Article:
by JULIE-ANN SPENCE
Lisburn artist Clinton Kirkpatrick with members of MYAA - Malewa Youth Aids Awareness
LISBURN artist Clinton Kirkpatrick has been putting his artistic talent to good use by helping young people in the KCC slum in Kenya to get in touch with their creative side.
Clinton, who is on a six week placement in Naivasha, has been working with a newly formed group of young people who call themselves 'Melewa Youth Aids Awareness, who are involved in outreach work to help those affected by AIDS and HIV.
As well as the outreach work, Clinton has been running art workshops in the afternoons and he has been astounded by the artistic talent he has uncovered.
"I never really knew what to expect here," said Clinton, who will be in Kenya for another two weeks. "I had organised to come and work on a HIV placement. That was all I knew so what lay ahead of me was a complete surprise.
"I got placed, on the Monday after I arrived, to KCC Slum in Naivasha which is about two hours away from Nairobi. I learnt when I arrived that I would be working with a new group in the slum which had literally just formed. The week before I arrived they undertook training in HIV/AIDS awareness.
"What is most fascinating about this group is that they are all young aduites who have a genuine interest in learning how to outreach and help other people.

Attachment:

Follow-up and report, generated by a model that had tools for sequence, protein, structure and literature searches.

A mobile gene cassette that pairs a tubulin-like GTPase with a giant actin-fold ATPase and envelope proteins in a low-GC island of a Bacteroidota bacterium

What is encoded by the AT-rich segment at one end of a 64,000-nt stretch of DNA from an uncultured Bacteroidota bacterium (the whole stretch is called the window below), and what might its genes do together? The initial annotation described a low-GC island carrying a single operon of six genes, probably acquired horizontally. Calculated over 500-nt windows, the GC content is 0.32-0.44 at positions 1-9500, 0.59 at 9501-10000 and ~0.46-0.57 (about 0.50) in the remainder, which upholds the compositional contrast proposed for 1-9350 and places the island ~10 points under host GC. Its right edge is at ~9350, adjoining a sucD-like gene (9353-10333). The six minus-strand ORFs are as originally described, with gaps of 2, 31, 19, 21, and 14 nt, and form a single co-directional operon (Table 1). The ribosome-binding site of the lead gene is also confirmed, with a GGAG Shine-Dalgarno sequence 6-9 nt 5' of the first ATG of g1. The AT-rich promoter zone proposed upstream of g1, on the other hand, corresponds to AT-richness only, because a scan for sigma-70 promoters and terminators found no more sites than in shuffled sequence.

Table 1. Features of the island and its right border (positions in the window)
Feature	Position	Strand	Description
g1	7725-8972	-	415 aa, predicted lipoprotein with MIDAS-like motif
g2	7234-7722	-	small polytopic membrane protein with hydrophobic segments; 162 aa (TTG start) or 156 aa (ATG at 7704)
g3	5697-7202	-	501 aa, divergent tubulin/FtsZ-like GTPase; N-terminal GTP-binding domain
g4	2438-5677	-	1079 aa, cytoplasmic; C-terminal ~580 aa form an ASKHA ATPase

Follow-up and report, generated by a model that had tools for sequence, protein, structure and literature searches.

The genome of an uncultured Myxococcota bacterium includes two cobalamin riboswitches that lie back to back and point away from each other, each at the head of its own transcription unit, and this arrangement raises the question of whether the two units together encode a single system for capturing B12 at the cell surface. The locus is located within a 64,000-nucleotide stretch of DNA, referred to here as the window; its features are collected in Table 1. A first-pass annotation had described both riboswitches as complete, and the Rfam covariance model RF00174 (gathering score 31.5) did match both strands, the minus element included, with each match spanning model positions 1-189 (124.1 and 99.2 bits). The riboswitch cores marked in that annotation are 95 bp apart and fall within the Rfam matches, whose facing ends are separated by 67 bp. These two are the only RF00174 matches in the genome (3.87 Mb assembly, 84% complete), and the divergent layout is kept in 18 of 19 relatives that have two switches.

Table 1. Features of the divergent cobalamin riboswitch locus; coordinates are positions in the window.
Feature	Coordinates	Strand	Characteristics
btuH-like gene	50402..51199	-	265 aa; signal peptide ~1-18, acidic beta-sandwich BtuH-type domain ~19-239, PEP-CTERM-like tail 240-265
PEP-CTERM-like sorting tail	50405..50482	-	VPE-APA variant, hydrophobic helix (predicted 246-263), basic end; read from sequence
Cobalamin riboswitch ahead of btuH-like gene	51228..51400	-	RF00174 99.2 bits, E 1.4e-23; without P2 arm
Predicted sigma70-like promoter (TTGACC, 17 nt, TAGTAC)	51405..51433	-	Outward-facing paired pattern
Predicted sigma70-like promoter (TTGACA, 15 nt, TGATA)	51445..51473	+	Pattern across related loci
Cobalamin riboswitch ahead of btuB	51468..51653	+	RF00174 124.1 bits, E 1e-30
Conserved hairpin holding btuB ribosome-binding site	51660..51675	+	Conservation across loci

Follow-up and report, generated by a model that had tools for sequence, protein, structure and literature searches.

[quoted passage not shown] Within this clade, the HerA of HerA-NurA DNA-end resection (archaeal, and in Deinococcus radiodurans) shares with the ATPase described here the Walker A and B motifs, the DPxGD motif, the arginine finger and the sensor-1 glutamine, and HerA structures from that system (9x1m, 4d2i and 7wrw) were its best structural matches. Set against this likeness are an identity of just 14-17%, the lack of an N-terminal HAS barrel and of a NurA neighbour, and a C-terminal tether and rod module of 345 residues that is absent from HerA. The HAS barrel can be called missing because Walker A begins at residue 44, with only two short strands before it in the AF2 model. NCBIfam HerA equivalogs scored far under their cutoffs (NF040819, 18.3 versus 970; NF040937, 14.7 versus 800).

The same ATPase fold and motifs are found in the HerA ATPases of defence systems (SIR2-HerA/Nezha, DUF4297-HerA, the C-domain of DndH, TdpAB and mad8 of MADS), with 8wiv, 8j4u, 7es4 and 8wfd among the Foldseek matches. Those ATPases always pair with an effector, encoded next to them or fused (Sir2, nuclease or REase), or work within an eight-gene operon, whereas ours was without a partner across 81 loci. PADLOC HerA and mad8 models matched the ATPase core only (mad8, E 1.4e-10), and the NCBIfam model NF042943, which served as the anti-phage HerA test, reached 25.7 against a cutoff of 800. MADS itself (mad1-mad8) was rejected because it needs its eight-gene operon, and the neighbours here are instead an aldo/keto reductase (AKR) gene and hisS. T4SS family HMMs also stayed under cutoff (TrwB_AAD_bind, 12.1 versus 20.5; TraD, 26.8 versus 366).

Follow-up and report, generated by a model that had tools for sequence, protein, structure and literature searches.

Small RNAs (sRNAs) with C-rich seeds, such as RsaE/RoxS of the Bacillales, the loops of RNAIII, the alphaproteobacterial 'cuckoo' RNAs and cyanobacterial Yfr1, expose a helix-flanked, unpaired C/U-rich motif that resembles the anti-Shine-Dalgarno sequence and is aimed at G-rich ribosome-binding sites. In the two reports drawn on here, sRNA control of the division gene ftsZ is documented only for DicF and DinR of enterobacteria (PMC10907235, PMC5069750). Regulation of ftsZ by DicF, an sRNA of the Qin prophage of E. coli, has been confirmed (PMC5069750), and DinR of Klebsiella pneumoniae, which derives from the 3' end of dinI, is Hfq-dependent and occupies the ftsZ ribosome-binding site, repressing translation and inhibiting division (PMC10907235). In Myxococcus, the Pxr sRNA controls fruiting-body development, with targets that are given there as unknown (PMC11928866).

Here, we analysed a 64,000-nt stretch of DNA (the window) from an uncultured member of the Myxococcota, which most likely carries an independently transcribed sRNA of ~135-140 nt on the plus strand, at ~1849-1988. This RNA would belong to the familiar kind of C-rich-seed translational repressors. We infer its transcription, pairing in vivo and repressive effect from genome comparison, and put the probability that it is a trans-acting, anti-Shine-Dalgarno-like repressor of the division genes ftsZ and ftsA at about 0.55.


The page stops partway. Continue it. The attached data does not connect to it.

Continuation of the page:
"It is early days with the group but already I have seen so many strong and powerful characteristics in many on the young people. I have only been here four weeks but I would already call many of them my friends."
He went on to explain: "I have helped them write projects for a Medical Camp which took place on May 21 and also for a schools' program to run over a number of weeks. That began on May 24 and I was amazed at how the group preformed and led the session with the Marula Primary School.
"The room was jam packed with kids and MYAA took charge and led the session with great admiration and respect. It was hard to believe that it really was the first time they had delviered a session."
Clinton is hoping to help the group even when he is back home in Lisburn and is already planning to return to Kenya again.
"I want to continue working with the group even though I won't be in the same country," he said. "If I can help in any way I would like to. I am even thinking about coming back maybe next year for a couple of months.
"As well as working with MYAA, I have also started taking drawing classes. This has been the biggest surprise. There are three natural artists whom I am teaching. They have just never had the experience of it before. It is amazing to teach young aduites who have listened to everything I have said and took it on board to create individual wonderful drawings in less than two weeks.
"Now I just wish I could be here longer to teach them basics of painting. Perhaps that will have to wait till the next time I come back.
"This place is fascinating and I have made a number of great new friends in Kenya," he added.